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John Maddox Roberts (1947 - )

SPQR V : Saturnalia
St Martin's, 1999
Barnes & Noble


In another good entry in the SPQR series, Decius Caecilius Metellus the Younger returns from his semi-exile in Rhodes, summoned by his family to investigate the death of Quintus Caecilius Metellus Celer, poisoned, say his kin, by his wife, the notorious Clodia. Strangely enough, Publius Clodius Pulcher, the rabble rouser and the main reason for Decius’ absence, also solicits Decius to find the killer, since he swears it was not Clodia. Before the story is over and the killer goes off the Tarpeian rock, Decius will get a chance to socialize a little with his love, Julia, niece of Julius Caesar, have two attempts made on his life, spy on a witches’ celebration, meet various Roman politicians like Cicero, Murena, Bestia, and Milo, become involved with a question of professional ethics among physicians, and become the only sober male in the story on the evening of the Saturnalia festival. The story moves swiftly and Roberts has his historical details down well. The reader moves through ancient Rome, seeing the important sites (Forum, Curia, various of the hills and bridges) and hearing about Roman customs, religion and politics from a first person narrator who is an engaging character. Although there are some naked dancers (male & female), there is nothing that would present a problem with using this novel at the high school level. Witchcraft is a major part of the story, and that should hold a certain amount of general interest. The view of the upper (and, to a lesser extent, the lower) class is a good introduction to the way Rome as a city and as an empire worked. The mystery part of the novel is not really in the whodunit tradition of setting you up to figure out the murderer yourself (or slapping your forehead at the end and exclaiming that you should have known), but there are no tricks pulled by the author either. If you like Saylor’s Gordianus and Davis’ Falco, you will like Roberts’ Decius. Like the other two, Decius is able to take care of himself in a fight but differs in being upper class. Decius is not as wise-cracking as Falco nor as closely tied to family as Gordianus, but all three make good narrators that we care about. You don't need to have read the 4 previous episodes in the SPQR series (all starring Decius) in order to follow this episode, but there are some back references that are clearer if you've read the first three, which you should probably do anyhow. There is a glossary at the back of the book, but some of the material there is not exactly right, though this has not crept into the text. Highly recommended for entertaining and instructive reading, but don't expect it to pursue some of the more serious questions that Saylor sometimes does in his rather darker and starker novels. -Fred Mench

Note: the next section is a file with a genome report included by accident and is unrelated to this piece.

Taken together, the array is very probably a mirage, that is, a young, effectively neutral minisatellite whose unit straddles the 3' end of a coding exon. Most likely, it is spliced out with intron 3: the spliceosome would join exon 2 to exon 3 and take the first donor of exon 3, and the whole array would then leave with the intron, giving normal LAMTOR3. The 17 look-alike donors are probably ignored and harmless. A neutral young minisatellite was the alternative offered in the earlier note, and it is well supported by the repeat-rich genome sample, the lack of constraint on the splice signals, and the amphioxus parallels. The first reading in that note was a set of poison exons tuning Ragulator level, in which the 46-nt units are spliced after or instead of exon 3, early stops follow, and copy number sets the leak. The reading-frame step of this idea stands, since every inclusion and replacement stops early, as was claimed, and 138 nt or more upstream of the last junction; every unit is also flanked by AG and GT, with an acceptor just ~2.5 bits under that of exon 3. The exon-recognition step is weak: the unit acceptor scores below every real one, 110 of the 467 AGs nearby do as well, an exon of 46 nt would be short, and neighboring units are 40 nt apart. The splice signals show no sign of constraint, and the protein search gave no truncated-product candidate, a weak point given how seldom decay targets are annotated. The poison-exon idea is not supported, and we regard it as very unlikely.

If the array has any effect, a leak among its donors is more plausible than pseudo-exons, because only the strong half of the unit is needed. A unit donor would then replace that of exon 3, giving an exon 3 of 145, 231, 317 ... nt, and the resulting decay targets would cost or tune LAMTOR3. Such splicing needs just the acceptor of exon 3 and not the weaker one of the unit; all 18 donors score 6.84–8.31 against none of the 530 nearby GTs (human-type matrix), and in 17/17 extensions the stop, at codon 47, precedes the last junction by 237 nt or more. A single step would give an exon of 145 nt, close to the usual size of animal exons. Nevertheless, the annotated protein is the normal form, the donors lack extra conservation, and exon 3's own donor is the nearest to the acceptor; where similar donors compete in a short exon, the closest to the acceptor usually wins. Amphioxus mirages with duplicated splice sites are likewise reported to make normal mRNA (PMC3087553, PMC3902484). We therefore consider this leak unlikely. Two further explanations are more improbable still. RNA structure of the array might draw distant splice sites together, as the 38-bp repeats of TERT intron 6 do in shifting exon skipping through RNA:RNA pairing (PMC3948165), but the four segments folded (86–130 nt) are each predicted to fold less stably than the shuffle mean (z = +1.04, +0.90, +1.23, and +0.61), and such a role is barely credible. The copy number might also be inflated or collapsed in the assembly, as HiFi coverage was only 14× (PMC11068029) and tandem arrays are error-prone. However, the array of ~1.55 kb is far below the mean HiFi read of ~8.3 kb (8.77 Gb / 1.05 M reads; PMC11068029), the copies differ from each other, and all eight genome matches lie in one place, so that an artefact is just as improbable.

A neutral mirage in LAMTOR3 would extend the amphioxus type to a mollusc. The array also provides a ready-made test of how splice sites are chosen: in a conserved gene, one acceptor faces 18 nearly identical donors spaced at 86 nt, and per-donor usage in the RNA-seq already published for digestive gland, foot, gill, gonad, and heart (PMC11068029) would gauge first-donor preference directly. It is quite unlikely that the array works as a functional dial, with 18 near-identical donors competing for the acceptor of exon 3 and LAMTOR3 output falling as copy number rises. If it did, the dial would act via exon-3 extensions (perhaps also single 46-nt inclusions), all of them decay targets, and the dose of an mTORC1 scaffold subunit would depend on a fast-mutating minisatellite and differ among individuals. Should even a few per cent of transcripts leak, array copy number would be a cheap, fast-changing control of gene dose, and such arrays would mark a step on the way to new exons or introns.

- Fred Mench , 12/19/2005

In 695 of the Roman Republic, Marcus Calpurnicus Bibulus and Gaius Julius Caesar head the consulship. However, Caesar's term will soon end. He will become the next consul of Gaul. Clodius is to replace him in Rome. Senator Decius Caecilius hates these changes because Clodius is his enemy. His family and friends consider Decius to be a weirdo as he would rather solve a mystery than dabble in politics. His efforts gain him many enemies and frequent exiles out of the city. During the current transition of power, his father summons Decius home from Rhodes. Due to the festive winter holiday of Saturnalia, Decius feels that Clodius will not try to kill him. Decius' father wants his son to determine whether the deceased's wife murdered their kinsman Quintus Caecilius by poisoning him. Quintus' spouse happens to be Clodius' sister making it possible that any finding will have severe political repercussions that could shake the foundation of the empire. Still, Decius risks his life to find the real killers and not necessarily the politically correct one. After too long an absence, John Maddox Roberts brings back popular Roman sleuth Decius who is in his usual form solving a mystery with major implications. Mr. Roberts uses many historical tidbits so that his audience can see Rome at the beginning of its most glorious period when Caesar is starting to consolidate his power. The who- done-it is cleverly designed so that the audience will follow a fine mystery as well as vividly observing everyday life in Ancient Rome. SPQR: Saturnalia may bring Mr. Roberts more than just another best seller. The wonderful mystery might also bring the author several awards. -Harriet Klausner 8/99

- Harriet Klausner, 8/1/1999

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